Cisco on Cisco

Deploying and Supporting Global Telepresence

Cisco on Cisco

Collaboration Case Study: How Cisco Deploys and Supports Its Global Telepresence Service


Cisco IT turned to the Cisco Services group to plan, design, and implement a smooth, globally replicable telepresence deployment and support model.
CHALLENGE
In This Case Study

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In December 2007, Cisco IT was seeking ways to help the company significantly reduce costs as economic downturn loomed. Travel costs were identified as an area where savings could be quickly achieved. However, it was still important to maintain personal connection and face-to-face interaction whenever possible, and management teams wanted to be able to visit with customers more frequently than time and travel budgets allowed.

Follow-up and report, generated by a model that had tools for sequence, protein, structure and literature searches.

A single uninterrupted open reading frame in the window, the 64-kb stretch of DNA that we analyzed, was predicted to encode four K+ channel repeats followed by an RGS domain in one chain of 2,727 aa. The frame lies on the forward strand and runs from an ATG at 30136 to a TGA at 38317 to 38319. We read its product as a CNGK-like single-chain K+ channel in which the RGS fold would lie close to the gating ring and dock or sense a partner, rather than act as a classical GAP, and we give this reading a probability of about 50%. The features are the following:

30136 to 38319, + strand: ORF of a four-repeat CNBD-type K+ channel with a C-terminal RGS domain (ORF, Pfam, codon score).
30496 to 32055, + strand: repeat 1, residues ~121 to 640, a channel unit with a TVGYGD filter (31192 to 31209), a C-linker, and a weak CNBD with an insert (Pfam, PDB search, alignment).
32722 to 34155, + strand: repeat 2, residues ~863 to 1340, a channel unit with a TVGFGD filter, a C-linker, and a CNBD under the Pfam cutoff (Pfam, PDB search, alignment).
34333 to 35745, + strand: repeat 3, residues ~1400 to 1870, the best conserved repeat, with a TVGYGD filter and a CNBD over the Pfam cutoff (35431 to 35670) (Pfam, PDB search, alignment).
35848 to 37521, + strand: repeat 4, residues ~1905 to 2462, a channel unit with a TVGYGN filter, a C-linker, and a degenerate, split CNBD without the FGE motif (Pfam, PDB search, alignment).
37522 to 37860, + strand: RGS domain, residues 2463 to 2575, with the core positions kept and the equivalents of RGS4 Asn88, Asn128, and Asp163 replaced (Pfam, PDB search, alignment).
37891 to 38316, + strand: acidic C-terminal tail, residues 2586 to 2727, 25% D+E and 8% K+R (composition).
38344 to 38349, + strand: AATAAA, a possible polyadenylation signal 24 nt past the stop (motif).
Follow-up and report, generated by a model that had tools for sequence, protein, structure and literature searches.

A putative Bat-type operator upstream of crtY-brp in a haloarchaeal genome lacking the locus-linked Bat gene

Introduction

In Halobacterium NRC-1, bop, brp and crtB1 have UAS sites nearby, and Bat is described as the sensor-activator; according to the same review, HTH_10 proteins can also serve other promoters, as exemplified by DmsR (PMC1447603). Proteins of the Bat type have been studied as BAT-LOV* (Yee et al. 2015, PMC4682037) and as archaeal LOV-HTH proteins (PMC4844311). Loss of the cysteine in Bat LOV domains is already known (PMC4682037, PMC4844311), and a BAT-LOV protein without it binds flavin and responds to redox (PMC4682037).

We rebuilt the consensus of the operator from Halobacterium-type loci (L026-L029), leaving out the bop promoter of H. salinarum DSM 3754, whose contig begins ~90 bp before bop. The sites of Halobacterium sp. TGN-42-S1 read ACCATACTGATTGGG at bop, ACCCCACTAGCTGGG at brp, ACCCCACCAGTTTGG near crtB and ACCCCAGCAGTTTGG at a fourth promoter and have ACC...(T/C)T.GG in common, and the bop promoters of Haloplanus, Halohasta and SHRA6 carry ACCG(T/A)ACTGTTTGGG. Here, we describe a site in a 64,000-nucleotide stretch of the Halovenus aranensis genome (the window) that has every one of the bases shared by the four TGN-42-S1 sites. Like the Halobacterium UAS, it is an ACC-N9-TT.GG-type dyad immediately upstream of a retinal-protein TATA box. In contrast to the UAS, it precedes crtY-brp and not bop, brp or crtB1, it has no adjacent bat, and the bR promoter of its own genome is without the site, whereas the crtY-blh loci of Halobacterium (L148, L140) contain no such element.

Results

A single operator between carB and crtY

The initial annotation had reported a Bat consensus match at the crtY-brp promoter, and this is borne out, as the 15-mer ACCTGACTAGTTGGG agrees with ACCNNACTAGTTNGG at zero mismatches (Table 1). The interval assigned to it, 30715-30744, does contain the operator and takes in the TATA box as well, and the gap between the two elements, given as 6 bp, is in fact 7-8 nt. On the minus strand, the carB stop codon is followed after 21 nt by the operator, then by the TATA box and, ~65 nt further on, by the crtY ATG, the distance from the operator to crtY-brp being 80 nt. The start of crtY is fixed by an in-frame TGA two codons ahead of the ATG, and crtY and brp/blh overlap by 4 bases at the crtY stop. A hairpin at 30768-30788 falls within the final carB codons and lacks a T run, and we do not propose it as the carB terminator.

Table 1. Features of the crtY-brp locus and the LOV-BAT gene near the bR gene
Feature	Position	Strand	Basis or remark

Cisco IT decided that it could achieve both goals using Cisco® TelePresence, an ideal solution for supporting face-to-face collaboration. Cisco IT planned to deploy systems in several global locations. However, deploying telepresence systems to connect employees worldwide was a daunting task. There were numerous, global stakeholders in the project. Deployment locations also had to satisfy several characteristics to be chosen. Besides Cisco world headquarters  in San Jose, California, the team looked at other locations with high volumes of travel. However, high traffic volumes alone were not enough to qualify a location for Cisco TelePresence. The location also had to have the network capacity to support a Cisco TelePresence system. For example, a location required network connections of at least DS-3 (45 Mbps) and a site network with sufficient capacity to support at least one Cisco TelePresence System 3000.